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Math Help - Limit of a 2 variables function

  1. #1
    MHF Contributor arbolis's Avatar
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    Limit of a 2 variables function

    Say whether or not the limit of f(x,y) when (x,y) tends to (0,0) exists.
    f(x,y)=\frac{xy}{x^2-y^2}-2y.
    My attempt : \lim _{(x,y) \to (0,0)}f(x,y)=\lim _{x\to 0} f(x,0)=0.

    \lim _{(x,y) \to (0,0)}f(x,y)=\lim _{x\to 0} f(x,x^2)=-\infty. As both limits are different, the limit doesn't exist.
    However I'm unsure I didn't make an error by taking y=x^2 for the second limit. Since when x=1, this doesn't even make sense to take such an y.
    The domain of f is any (x,y) \in \mathbb{R}^2 such that x\neq \pm y.
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  2. #2
    is up to his old tricks again! Jhevon's Avatar
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    Quote Originally Posted by arbolis View Post
    Say whether or not the limit of f(x,y) when (x,y) tends to (0,0) exists.
    f(x,y)=\frac{xy}{x^2-y^2}-2y.
    My attempt : \lim _{(x,y) \to (0,0)}f(x,y)=\lim _{x\to 0} f(x,0)=0.

    \color{red}\lim _{(x,y) \to (0,0)}f(x,y)=\lim _{x\to 0} f(x,x^2)=-\infty.
    i don't think that's true. i get that the limit is also 0 along y = x^2

    As both limits are different, the limit doesn't exist.
    However I'm unsure I didn't make an error by taking y=x^2 for the second limit. Since when x=1, this doesn't even make sense to take such an y.
    The domain of f is any (x,y) \in \mathbb{R}^2 such that x\neq \pm y.
    your method is sound though. note that if we approach (0,0) along x = 2y we get -2/3 as the limit. this means the limit doesn't exist

    (the curve you approach the origin must actually go through the origin. the line x = 1 does not.)
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  3. #3
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    Quote Originally Posted by arbolis View Post
    Say whether or not the limit of f(x,y) when (x,y) tends to (0,0) exists.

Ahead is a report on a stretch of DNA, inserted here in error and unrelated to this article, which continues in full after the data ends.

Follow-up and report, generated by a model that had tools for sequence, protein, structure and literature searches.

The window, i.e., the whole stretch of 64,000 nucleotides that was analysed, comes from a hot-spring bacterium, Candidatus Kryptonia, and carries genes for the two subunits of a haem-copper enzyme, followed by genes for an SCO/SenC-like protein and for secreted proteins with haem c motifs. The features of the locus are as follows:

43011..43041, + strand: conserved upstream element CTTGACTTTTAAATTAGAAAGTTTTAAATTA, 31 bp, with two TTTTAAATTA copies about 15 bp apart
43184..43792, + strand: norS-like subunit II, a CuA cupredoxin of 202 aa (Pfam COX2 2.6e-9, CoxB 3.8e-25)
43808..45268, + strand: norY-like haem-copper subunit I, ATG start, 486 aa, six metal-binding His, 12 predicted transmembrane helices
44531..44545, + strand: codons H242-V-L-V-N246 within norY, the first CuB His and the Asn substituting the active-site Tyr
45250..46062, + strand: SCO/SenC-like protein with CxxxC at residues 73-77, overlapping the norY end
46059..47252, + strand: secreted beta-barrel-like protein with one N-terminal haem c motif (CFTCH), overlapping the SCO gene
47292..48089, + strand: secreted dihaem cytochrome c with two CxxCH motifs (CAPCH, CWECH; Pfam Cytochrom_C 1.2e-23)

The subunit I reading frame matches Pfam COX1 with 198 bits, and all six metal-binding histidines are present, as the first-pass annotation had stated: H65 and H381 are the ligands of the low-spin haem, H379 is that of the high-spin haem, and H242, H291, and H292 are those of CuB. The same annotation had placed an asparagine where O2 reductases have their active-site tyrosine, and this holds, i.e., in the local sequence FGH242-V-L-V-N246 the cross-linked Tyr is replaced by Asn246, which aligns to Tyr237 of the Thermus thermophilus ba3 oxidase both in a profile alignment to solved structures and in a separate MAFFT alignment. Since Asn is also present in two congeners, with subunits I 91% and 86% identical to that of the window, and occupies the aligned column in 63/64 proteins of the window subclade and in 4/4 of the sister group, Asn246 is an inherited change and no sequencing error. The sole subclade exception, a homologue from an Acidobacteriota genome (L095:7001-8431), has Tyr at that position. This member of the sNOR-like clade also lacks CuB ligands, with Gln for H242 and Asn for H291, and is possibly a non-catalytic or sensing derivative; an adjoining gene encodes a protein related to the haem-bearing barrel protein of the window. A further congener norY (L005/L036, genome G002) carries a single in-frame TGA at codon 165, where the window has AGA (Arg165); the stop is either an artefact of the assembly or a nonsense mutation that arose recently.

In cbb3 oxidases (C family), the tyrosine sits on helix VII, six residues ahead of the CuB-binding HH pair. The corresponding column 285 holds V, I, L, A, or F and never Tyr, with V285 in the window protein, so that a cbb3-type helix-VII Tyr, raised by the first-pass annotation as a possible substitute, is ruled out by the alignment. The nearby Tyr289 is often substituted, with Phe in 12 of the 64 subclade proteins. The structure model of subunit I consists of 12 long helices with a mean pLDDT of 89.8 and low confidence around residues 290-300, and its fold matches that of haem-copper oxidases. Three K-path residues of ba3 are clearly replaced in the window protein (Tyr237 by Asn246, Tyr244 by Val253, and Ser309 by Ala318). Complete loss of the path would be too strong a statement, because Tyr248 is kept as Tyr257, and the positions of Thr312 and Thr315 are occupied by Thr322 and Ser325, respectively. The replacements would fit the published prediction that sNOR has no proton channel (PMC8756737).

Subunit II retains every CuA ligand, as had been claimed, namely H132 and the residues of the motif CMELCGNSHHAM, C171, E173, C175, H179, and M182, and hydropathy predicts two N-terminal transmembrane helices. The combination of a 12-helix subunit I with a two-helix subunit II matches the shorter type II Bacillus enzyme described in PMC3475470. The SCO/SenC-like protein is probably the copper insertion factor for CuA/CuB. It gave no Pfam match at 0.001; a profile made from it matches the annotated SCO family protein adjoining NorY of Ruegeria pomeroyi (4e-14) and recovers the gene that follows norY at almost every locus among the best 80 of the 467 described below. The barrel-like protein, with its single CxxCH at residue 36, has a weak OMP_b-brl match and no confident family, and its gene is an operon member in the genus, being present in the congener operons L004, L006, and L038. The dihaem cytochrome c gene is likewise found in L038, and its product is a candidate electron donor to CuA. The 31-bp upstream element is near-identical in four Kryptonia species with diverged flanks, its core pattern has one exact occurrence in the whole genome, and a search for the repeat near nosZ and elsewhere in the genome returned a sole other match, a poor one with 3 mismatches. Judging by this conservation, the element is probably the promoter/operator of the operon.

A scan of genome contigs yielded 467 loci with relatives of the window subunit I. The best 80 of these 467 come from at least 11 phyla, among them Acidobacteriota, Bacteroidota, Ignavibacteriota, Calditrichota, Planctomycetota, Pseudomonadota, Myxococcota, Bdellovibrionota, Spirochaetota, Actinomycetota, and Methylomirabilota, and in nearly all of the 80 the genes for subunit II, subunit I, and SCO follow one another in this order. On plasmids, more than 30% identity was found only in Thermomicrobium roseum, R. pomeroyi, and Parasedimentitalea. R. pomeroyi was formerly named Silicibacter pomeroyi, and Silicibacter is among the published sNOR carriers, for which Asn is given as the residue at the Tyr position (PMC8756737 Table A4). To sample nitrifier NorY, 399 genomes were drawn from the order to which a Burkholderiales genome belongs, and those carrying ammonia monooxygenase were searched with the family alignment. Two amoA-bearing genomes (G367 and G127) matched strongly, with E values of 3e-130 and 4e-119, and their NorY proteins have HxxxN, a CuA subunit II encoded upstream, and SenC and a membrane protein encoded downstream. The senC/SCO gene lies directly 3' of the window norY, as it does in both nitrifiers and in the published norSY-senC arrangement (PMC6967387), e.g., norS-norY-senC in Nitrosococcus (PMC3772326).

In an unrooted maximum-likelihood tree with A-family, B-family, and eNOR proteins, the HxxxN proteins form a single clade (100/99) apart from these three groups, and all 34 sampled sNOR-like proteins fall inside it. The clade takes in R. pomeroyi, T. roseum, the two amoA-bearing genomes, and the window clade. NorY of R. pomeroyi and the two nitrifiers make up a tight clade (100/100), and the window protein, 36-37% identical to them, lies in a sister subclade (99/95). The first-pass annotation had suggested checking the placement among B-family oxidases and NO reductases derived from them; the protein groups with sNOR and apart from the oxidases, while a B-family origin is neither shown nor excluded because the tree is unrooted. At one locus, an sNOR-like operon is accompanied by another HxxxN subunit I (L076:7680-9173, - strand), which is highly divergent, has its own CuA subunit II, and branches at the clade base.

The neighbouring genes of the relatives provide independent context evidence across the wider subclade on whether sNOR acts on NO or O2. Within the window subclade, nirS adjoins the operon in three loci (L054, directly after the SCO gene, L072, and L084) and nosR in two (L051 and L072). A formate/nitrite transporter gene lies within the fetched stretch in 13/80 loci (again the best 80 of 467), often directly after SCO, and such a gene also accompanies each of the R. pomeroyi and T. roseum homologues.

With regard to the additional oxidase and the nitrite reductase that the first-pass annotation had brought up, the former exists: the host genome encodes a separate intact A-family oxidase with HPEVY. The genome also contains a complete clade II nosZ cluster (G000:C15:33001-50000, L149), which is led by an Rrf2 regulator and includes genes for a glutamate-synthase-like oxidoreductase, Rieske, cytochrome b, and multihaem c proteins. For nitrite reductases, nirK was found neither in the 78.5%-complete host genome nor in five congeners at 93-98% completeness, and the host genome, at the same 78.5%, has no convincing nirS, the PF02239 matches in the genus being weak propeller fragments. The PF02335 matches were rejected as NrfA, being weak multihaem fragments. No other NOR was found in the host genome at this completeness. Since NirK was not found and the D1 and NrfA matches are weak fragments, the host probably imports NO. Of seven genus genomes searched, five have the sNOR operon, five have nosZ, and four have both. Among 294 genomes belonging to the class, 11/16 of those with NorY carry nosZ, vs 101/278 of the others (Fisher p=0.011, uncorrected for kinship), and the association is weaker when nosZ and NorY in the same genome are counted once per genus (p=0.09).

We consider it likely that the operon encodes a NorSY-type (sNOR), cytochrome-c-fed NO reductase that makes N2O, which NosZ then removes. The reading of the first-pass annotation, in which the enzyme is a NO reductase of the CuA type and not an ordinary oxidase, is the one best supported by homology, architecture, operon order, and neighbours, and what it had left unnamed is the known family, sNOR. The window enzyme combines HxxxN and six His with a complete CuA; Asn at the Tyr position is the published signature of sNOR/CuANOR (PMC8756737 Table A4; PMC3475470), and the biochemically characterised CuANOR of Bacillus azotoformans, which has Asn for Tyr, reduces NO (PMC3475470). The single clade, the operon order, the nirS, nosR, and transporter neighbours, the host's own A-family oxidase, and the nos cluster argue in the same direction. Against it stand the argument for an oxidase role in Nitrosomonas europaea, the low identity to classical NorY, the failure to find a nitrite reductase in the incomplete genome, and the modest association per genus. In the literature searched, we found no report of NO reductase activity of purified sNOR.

f(x,y)=\frac{xy}{x^2-y^2}-2y.
    My attempt : \lim _{(x,y) \to (0,0)}f(x,y)=\lim _{x\to 0} f(x,0)=0.

    \lim _{(x,y) \to (0,0)}f(x,y)=\lim _{x\to 0} f(x,x^2)=-\infty. As both limits are different, the limit doesn't exist.
    However I'm unsure I didn't make an error by taking y=x^2 for the second limit. Since when x=1, this doesn't even make sense to take such an y.
    The domain of f is any (x,y) \in \mathbb{R}^2 such that x\neq \pm y.
    If the given function approaches (0, 0) along the line y = mx ( m \neq \pm 1), the limiting value is \frac{m}{1 - m^2}. So clearly the limiting value depends on how you approach (0, 0) ....
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  4. #4
    MHF Contributor arbolis's Avatar
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    Quote Originally Posted by Jhevon
    i don't think that's true. i get that the limit is also 0 along y = x^2
    I get it now, thanks.
    Quote Originally Posted by mr fantastic
    If the given function approaches (0, 0) along the line y = mx (), the limiting value is . So clearly the limiting value depends on how you approach (0, 0) ....
    I wasn't aware of this! I mean I didn't realize it. This holds for this particular example, right? If it hold for all example then no 2 variable functions would have limit in (0,0), right? I need to clear this doubt!
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    Quote Originally Posted by arbolis View Post
    This holds for this particular example, right? If it hold for all example then no 2 variable functions would have limit in (0,0), right? I need to clear this doubt!
    For this particular problem. Not all.
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  6. #6
    MHF Contributor arbolis's Avatar
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    Quote Originally Posted by Plato View Post
    For this particular problem. Not all.
    Thanks, makes sense. I was a bit scared for a moment.
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  7. #7
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    There are, after all, some limits that really exist at (0,0).
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  8. #8
    MHF Contributor arbolis's Avatar
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    Quote Originally Posted by HallsofIvy View Post
    There are, after all, some limits that really exist at (0,0).
    Ahah yes.
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